as I have heard from older men who saw
him on the plain of Hermos with his spear
routing the Lydian cavalry’s thick ranks.
Pallas Athena ne’er had cause to fault
his acid fury, when in the front line
he hurtled through the battle’s bloody moil
against the stinging missiles of the foe.
No warrior of the enemy remained
his better in the strenuous work of war,
so long as he moved in the swift sun’s light.
The Lydian troopers are referred to as hippomachoi, “horse-fighters” (that is, true cavalry in all likelihood). The reference to thick ranks (punikas phalaggas) suggests that they may even have operated in formation. Herodotus remarks that, later, at the time of Croesus, “no nation in Asia was more valiant and warlike than the Lydians. Their mode of fighting was from on horseback; they were armed with long lances, and managed their horses with admirable address” (Hdt. 1.79).
Despite the bravery of the inhabitants of Smyrna, the city nevertheless eventually succumbed to the imperial ambitions of Lydia’s kings. Around 600 BC, King Alyattes II besieged the city and eventually managed to conquer and sack it after building a large siege ramp to scale the walls. (Smyrna’s fortifications were impressive, and I have earlier mentioned that Greek settlements in Asia Minor may have built their fortifications in order to compete with fortified Lydian towns located further inland, and that the city walls of Sardis were very similar to those of Smyrna.)
After the death of Alyattes, his successor Croesus started a large-scale campaign aimed at subjugating the Ionian and Aeolian Greeks in Asia Minor. Once he had forced them all to pay tribute, he decided to build a large fleet in order to conquer the Greek islands.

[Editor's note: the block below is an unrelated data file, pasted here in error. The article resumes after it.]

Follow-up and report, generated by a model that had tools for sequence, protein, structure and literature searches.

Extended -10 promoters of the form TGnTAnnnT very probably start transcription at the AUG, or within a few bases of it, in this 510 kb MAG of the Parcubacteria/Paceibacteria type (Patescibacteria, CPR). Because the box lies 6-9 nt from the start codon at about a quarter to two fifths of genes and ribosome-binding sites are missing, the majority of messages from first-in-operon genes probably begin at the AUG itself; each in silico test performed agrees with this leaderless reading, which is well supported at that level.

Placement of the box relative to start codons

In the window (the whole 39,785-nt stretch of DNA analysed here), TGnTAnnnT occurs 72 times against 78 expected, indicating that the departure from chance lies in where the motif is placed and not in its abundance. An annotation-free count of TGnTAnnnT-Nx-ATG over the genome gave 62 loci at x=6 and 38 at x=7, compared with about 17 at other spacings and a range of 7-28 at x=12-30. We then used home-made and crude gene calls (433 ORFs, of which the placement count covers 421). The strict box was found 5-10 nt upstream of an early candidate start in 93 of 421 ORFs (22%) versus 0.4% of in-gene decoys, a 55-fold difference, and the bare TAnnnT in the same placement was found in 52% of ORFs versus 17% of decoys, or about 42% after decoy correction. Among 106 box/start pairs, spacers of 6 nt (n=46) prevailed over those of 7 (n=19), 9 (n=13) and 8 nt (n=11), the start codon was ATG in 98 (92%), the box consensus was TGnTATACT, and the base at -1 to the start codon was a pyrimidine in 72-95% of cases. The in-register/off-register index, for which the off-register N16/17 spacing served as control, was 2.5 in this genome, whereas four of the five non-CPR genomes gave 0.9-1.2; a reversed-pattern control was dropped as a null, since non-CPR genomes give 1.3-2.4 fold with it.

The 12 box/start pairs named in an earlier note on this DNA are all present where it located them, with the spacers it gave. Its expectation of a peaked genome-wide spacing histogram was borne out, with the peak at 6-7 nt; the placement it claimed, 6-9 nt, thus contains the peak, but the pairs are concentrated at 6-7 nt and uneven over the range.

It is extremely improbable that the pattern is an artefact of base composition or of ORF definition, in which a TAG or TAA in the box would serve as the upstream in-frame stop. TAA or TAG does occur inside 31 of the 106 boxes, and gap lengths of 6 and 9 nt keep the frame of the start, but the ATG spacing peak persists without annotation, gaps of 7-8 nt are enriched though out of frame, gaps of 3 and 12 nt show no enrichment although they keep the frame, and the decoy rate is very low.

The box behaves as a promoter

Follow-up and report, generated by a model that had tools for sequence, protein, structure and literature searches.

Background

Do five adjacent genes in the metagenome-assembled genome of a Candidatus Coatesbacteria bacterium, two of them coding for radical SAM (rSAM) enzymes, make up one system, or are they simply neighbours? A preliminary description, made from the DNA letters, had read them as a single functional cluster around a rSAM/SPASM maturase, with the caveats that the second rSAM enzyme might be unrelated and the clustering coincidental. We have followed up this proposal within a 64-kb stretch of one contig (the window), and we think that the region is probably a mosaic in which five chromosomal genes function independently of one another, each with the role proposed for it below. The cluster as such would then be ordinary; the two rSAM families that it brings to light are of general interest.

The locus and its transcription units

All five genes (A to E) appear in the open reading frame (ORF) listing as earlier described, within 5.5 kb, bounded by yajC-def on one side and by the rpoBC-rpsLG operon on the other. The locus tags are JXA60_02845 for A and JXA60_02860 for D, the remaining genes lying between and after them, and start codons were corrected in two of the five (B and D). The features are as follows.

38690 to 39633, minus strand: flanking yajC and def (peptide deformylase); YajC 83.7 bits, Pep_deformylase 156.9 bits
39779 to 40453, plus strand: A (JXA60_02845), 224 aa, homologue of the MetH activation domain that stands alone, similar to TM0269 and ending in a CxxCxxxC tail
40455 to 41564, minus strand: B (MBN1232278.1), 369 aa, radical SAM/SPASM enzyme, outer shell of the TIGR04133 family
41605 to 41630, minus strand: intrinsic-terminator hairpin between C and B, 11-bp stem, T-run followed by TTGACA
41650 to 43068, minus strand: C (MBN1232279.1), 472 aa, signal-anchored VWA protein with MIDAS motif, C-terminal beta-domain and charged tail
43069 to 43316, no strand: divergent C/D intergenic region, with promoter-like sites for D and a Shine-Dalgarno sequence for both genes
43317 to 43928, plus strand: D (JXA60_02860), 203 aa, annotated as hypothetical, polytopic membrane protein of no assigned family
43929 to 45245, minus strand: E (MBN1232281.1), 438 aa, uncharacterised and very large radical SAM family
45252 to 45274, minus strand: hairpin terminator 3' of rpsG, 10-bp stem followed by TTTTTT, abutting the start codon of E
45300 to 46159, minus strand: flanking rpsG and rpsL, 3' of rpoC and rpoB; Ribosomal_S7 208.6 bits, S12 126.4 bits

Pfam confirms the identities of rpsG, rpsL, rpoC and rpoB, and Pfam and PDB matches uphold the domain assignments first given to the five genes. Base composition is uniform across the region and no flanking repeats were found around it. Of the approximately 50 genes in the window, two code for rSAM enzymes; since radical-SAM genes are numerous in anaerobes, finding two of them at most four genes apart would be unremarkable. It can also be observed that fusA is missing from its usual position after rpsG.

According to Herodotus (Hdt. 1.27), either Bias of Priene or Pittacus of Mytilene came to Croesus and said that the men of the islands were hiring thousands of mercenary cavalry. Croesus scoffed, since no cavalry could possible hope to match the quality of Lydian horsemen. He then received the reply that the islanders likewise were hoping to catch the Lydian fleet at sea, since their own seamanship was unmatched. Croesus then decided to let the island-dwelling Greeks remain as they were.
The Greek cities in Asia Minor frequently came into conflict with the Lydians, who grew ever more imperialistic in the course of the Archaic period. But there were also plenty of friendly contacts between Greeks and Lydians. Aside from trade and cultural exchanges, there may even have been official alliances – summachia in Greek – between, for example, the Lydians and the Milesians in the seventh century BC (Hdt. 1.22).
Lydian warfare was very similar to Greek warfare, even if many details – such as battle tactics used – remain largely unknown and the Lydians fielded superior cavalry. It is clear that the peoples of the Aegean and Western Anatolia formed part of a cultural matrix with a free flow of ideas. The Lydians, like other peoples of Western Antolia, shared many similarities with the Greeks, including equipment and probably also modes of fighting: we can easily speak of a common cultural koine.
Suggestions for further reading are listed below:
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